Advertisement

April 28, 2014

Staff Picks: No Bullsh*t

By: 800-CEO-READ @ 9:02 PM – Filed under: Management & Workplace Culture

The red tape, the unpleasant processes, the difficult tasks, the challenging co-workers, the negative environments, the unfair advantages, and the list goes on. Yes, it's true, there's a lot of "bs" in business, but the path through it becomes much clearer by reading the new book by Geoffrey James titled, Business Without Bullsh*t: 49 Secrets and Shortcuts You Need to Know.

Whether you're a manager of people, or simply a manager of your own work and relationships, this book has essential tips for making the day-to-day stuff more productive, and the long-term projection more successful. As James states, we're all essentially freelancers in this regard, and should therefore be more in control of our actions and our relationships. Consider this excerpt for starters:


Inherent in the obsolete notion of job security is a management hierarchy: you work for a boss, who works for a bigger boss, who works for the CEO, who works for the board of directors, which works for the investors.

While that structure still exists in the corporate world, when you're a freelancer, it no longer makes sense to think of yourself as "being managed" by somebody else. A boss is more like a client or customer, which means you must manage the relationship.

Similarly, the old concepts of what it means to be the boss are increasingly meaningless. Your employees - the ones who are smart and therefore "get" that they are freelancers - aren't going to fall in line just because you've got a job title.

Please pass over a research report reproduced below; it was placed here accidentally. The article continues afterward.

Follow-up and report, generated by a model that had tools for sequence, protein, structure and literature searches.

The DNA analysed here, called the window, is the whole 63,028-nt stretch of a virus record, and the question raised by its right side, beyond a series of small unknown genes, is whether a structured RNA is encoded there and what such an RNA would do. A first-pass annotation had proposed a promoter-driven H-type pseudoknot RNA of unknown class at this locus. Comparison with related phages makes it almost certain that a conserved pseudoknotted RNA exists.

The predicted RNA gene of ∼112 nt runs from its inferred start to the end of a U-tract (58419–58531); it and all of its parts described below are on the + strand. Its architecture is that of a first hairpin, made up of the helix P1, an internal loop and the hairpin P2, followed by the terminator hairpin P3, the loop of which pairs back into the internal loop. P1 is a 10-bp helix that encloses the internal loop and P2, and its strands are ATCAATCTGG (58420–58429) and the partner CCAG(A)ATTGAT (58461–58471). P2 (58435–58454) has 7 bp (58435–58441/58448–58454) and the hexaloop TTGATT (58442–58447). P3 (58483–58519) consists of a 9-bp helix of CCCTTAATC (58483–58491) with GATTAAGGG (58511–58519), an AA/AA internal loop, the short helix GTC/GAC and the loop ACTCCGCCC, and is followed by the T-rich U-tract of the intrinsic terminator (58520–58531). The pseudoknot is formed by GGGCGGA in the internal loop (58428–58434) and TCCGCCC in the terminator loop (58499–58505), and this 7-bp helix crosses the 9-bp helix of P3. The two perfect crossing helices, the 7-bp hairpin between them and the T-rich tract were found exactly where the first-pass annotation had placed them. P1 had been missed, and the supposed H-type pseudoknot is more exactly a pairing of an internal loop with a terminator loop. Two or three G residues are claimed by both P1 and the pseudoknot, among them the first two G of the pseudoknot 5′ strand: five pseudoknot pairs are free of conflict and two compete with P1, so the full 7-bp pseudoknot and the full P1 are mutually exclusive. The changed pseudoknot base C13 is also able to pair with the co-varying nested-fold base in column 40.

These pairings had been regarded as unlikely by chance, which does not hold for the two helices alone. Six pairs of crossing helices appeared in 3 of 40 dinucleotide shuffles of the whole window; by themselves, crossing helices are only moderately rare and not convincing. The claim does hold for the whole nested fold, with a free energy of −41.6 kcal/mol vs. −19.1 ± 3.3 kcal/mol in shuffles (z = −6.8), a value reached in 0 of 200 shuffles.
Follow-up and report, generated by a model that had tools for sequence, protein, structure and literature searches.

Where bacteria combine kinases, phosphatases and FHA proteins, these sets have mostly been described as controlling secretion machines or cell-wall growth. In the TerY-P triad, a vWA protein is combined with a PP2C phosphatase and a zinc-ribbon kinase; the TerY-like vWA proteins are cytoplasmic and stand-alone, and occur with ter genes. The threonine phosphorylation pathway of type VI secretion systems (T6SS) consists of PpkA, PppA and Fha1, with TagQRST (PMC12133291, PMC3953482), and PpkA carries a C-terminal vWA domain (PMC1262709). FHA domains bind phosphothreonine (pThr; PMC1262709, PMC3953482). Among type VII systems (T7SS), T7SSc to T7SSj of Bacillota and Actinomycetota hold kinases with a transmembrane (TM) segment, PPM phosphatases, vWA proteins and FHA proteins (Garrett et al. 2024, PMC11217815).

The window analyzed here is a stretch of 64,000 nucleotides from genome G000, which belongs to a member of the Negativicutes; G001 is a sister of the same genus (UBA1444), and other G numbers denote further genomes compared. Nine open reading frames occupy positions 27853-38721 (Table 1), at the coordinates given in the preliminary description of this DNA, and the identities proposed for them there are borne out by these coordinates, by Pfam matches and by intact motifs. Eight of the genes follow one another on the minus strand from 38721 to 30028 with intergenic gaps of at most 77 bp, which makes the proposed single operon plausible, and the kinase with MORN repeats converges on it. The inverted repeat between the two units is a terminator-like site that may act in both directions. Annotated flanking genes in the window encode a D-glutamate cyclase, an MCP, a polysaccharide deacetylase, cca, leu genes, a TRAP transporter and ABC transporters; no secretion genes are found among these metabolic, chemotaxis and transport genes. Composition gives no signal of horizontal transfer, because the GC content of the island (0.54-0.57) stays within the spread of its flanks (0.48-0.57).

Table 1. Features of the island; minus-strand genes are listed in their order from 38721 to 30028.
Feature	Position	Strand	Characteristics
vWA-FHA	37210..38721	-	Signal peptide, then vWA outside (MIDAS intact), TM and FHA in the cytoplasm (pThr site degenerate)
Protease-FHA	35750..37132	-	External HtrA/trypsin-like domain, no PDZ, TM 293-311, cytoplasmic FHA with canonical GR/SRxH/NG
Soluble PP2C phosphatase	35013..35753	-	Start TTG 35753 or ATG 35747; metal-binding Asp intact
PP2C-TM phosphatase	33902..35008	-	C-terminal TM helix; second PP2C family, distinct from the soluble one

That's just the start. As a freelancer you must be capable of managing not just upward and downward, but sideways as well. You must influence and convince your coworkers to help you achieve your goals, usually by helping them achieve theirs.

Finally, and most important, you must learn to manage inwardly, controlling your thoughts, habits, and actions so they serve your greater purpose.

Though certainly thought-provoking and insightful, the 250+ pages of the book aren't theory-driven essays or long-researched case studies. They're quick, digestible, easy-to-act-upon chapters of clearly communicated ideas. And at that page count, means it's chock full of helpful ideas you can start right now, if not doing, than at least having a better understanding of. This is the kind of book you'll read, and then keep around for when situations come up, like asking for a raise, performance reviews, looking for a new job, participating in meetings, earning respect, offering criticism, hiring, firing, negotiating agreements, handling stress, spotting lies, and communicating better. Like I said, it's chock full!

If you think there's a lot of "bs" in business, first off, make sure you're not the one causing it (this book shows you how), and keep this book as a handy guide to make your life, and your company's, more enjoyable, more successful, and without so much of the negative stuff that holds us back.